Canada poised to pass sweeping gun restrictions in wake of Uvalde and Buffalo
Driving the news: Though Canada has a strong hunting culture and rifles used for hunting are not heavily regulated, handguns are heavily restricted. The new legislation would ban the sale or importation of handguns and force owners of "military-style rifles" to turn in their weapons through a buyback program.
- The legislation is expected to pass, with the left-leaning New Democratic Party and Prime Minister Justin Trudeau's Liberal Party overcoming any potential opposition from the Conservative Party, according to the New York Times.
What they're saying: "We need only look south of the border to know that if we do not take action firmly and rapidly it gets worse and worse and gets more difficult to counter," Trudeau told reporters Monday.
"In Canada, gun ownership is a privilege, not a right," Bill Blair, minister of emergency preparedness, told NPR. "This is a principle that differentiates ourselves from many other countries in the world, notably our colleagues and friends to the south. In Canada, guns are only intended to be used for hunting and sport purposes."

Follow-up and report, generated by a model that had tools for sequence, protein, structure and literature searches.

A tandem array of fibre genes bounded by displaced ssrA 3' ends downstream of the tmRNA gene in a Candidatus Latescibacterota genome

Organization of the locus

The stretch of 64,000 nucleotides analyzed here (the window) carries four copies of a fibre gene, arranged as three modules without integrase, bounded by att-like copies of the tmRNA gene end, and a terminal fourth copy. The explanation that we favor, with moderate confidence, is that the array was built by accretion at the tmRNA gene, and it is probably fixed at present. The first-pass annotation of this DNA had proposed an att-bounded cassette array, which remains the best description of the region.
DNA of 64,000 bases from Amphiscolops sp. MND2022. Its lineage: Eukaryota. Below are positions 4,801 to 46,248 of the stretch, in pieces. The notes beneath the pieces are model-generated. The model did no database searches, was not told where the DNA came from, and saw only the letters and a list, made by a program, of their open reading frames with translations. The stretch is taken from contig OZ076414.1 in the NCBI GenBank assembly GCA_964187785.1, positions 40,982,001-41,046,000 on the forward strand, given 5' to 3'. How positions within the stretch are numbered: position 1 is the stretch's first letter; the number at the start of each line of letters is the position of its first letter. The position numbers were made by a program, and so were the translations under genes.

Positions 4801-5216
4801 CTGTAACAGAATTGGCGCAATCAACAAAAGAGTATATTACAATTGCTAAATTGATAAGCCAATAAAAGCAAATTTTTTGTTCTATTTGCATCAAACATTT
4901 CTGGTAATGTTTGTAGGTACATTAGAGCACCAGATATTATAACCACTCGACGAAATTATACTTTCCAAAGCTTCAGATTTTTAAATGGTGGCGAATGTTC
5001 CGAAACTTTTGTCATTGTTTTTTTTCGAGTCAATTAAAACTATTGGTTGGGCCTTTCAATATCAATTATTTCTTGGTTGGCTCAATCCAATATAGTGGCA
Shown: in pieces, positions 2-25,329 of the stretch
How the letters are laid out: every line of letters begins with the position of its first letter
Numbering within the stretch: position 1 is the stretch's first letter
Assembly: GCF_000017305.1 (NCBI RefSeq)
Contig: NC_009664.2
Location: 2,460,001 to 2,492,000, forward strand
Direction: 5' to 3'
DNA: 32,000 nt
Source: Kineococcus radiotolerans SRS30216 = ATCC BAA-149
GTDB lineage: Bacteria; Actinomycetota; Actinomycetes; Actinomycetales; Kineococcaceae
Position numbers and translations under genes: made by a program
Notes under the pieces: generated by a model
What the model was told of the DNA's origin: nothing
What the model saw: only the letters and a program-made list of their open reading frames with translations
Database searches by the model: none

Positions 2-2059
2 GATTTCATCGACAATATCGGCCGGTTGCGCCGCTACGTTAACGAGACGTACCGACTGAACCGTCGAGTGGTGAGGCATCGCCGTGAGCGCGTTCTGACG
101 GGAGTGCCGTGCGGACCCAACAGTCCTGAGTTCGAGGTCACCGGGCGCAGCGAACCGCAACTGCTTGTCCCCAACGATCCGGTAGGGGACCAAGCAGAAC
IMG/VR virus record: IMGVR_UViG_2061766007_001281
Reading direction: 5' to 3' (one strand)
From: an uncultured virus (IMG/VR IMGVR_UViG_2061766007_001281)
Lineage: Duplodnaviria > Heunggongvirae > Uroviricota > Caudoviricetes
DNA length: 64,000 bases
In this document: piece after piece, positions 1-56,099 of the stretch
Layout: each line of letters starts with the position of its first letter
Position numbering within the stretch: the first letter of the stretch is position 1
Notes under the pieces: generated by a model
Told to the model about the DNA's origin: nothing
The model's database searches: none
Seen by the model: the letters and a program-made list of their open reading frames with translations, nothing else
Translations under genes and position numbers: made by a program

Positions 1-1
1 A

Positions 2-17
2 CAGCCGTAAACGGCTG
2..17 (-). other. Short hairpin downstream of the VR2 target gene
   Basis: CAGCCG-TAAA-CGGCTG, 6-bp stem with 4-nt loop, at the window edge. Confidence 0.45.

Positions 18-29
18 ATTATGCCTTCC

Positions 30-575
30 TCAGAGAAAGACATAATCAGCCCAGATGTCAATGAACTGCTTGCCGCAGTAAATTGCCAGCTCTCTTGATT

By the numbers: The Canadian government said Monday that the number of registered handguns in Canada increased 71% between 2010 and 2020, reaching around 1.1 million.
- Handguns were used in 59% of firearm-related violent crimes between 2009 and 2020, while firearms in general were used in 600 intimate partner violence incidents in 2018 alone, the government said.
- More than 2 million Canadians hold firearm licenses.
- Guns in the U.S. still vastly outnumber those in Canada. According to the Small Arms Survey, there are 34.7 firearms per 100 Canadians vs. 120 firearms per 100 Americans in the U.S.
The big picture: The Constitution of Canada does not guarantee a right to bear arms like the U.S. Constitution and already has many firearm restrictions.
- Civilians are not allowed to own automatic weapons and no magazine for semi-automatic weapons can shoot more than five rounds, per the Times. Rifle purchases must obtain a certificate to buy the weapon and businesses must keep copies on hand.
- The country banned over 1,500 models and variants of "assault-style firearms" after a mass shooting in Nova Scotia in 2020 left 22 killed and at least three injured but owners were still allowed to keep them. The Nova Scotia shooter used weapons smuggled in from the U.S.
- In the legislation introduced Monday, owners of such guns will be required to sell them back to the government in a buyback program that has yet to be revealed.
- It would also increase criminal penalties for trafficking guns, strip firearm licenses from people who have committed acts of domestic violence or criminal harassment and implement a new red flag gun law.
- The handgun freeze would allow exceptions for security guards and professional sport shooters.